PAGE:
When fans cry: Can you mourn someone you never met?


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When fans cry: Can you mourn someone you never met?

Like, what a goofy question.

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When fans cry: I see what you did there.

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Generation X—people born between the mid-1960s and early 1980s—would be hardest hit, said the experts, as Prince’s music formed the soundtrack to their young adult lives

Pop-wise, Prince, MJ and Madonna were probably the big 3. There are definitely a lot of bandwagon fans though acting like they were the biggest Prince fans ever. He was releasing music up until now and only the true die-hards were checking for his music. The rest probably gave up when he became the symbol.

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I don't want to belittle anyone who feels a real connection to a singer or a movie star, but I find it quite interesting that they are so strongly affected by the death of someone they have never met. I was reading about President Obama meeting the Prince and Princess of Wales and their son, and so many comments were about Diana. How proud she must be or how they miss her. Is it because now with all of the media coverage we think we know them personally, and we form this bond with them? That is the only thing I can think of. Also I disagree with this author, I think when John Lennon was killed, that was the first big outpouring of emotions by fans. Hell Monday Night Football's Howard Cosell broke the news to America.

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Cracaphat, thank you for posting that. I feel the same way, and was getting tired of all the tributes and posts for Prince. Yes, he was a talented artist, and yes for some people he made a dent in their lives, but come on people, there are far bigger things to get upset about. Or maybe that is the point, it is far easier to mourn a dead rock star or movie star than to try and help others who really need it.

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Personally speaking, when these stars and celebs die, because they are ingrained into my life, I feel that a piece of me is also lost. 2016 has been a depressing year. Bowie, Alan Rickman, Gareth Thomas, Ronnie Corbett, Terry Wogan, George Martin, Paul Daniels, Victoria Wood and Prince. Every one of them the very fabric of my being from my childhood on.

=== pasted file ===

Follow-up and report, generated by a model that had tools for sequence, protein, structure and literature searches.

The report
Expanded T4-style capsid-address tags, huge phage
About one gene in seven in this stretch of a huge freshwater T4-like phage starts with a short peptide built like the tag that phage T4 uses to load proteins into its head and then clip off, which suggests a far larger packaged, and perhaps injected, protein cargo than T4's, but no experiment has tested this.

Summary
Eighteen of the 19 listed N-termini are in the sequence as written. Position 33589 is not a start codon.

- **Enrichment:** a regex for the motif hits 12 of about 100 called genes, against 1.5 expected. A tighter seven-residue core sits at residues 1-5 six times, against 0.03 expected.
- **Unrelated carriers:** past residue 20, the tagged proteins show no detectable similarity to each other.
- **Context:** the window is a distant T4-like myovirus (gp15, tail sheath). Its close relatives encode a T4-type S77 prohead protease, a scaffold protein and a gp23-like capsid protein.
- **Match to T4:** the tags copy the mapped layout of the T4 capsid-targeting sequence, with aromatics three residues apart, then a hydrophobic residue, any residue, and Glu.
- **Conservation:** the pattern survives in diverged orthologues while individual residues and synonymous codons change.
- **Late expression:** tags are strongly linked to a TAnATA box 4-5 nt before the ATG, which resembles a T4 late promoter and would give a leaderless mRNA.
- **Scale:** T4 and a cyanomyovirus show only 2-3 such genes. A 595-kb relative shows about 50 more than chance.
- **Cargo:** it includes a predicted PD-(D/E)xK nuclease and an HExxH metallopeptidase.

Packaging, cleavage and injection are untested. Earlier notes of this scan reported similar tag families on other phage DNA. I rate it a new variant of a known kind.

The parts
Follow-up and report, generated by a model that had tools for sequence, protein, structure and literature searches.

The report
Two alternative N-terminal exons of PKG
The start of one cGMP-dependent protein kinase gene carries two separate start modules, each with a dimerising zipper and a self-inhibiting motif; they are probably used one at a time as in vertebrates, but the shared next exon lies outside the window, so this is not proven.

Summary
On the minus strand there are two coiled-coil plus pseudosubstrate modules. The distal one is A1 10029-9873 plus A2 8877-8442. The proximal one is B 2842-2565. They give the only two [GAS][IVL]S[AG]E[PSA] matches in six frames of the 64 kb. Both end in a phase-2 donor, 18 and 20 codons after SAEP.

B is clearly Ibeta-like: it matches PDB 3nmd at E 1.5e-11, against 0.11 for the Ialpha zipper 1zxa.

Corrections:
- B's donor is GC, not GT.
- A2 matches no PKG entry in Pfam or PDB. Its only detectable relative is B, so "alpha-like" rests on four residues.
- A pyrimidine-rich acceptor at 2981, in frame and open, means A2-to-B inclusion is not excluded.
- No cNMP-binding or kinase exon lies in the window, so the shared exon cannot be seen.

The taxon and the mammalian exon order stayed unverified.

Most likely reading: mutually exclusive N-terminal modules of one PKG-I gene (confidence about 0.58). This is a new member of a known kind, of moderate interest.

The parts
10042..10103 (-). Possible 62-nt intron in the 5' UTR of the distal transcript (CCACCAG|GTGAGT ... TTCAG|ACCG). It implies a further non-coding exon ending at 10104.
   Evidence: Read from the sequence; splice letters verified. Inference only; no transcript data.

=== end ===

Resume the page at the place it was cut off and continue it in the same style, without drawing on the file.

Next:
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cracaphatAPR. 24, 2016 - 08:34AM JST More indicative of people's fickleness of life.People die in earthquakes or wars."I'm alright,I'm far from the action."A celebrity dies and the world suddenly becomes so wrong.

We get exposed to celebrities every day through media. If a celebrity is particularly moving to you, your brain might react to that exposure as if you know them, even if you've never met. An earthquake or war happens somewhere to people you don't know of and you've never seen or met, your brain just isn't capable of generating the same kind of emotions. It's the nature of human emotions. We feel stronger about things that we feel are closer to us. That doesn't mean we think the deaths of people in far off villages we can't pronounce don't matter, but they don't hit the amygdala the same way.

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Mourning includes feeling sadness and displays of sadness for effect, so I think the answer is probably yes to the question. Big difference between that and grieving though, so let's not confuse the two.

Never really saw what the fuss was about with Prince. Muzak.

Now, when Neil Young dies, that will be different.

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Same here cracaphat and markx. Grieving for a star is I guess a very complex thing and i have to say I am often puzzled and slightly uncomfortable when i see such outpouring of grief. Not saying its not genuine but just a strange thing to witness.

At the same time many people are hysterical when they see oprah or some tv personality live so I guess its not that surprising artists fans feel the need to express and show their emotions when they pass away.

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It's okay to shed a few tears. I never met D Bowie nor Prince, but I was (we all were) deeply saddened by their abrupt deaths.

Btw, I found an interview w/ Prince's original guitarist. He reflects on just how iconic Prince was in our time. Please take a peek:

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Prince's death came directly after former pro-wrestler, Joanie Laurer, aka "Chyna" was reported dead at the age of 45. I had known about her rather sad state since being more or less thrown out of the business 15 years ago. Hearing of her death was a brutal full-stop to an already sad story. The next morning I was looking through the news sites to see if there was any light on her cause of death and a link to Prince's death was on the same page. I thought it was a joke at first. Unfortunately not. I'm one of those gen-Xers the story talks about and I can honestly say I was a bit deflated and saddened just before I had to go into work. Not that I'm going to break down over people I've never met before, but the double whammy in consecutive days certainly had an effect on me for a bit. But yeah, these aren't people I knew personally so I'm not going to let it ruin my day.

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Of course it's possible to mourn someone you haven't met. Some celebrities have a great influence on people and their daily lives. Now not all celebrities are going to cause the same sort of feelings, and it really just depends on your personal connection to them. For me, David Bowie's death didn't affect me because I never really paid much attention to his music. But as for Prince, my parents were huge fans of his so I grew up listening to his music.

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"it is far easier to mourn a dead rock star or movie star than to try and help others who really need it."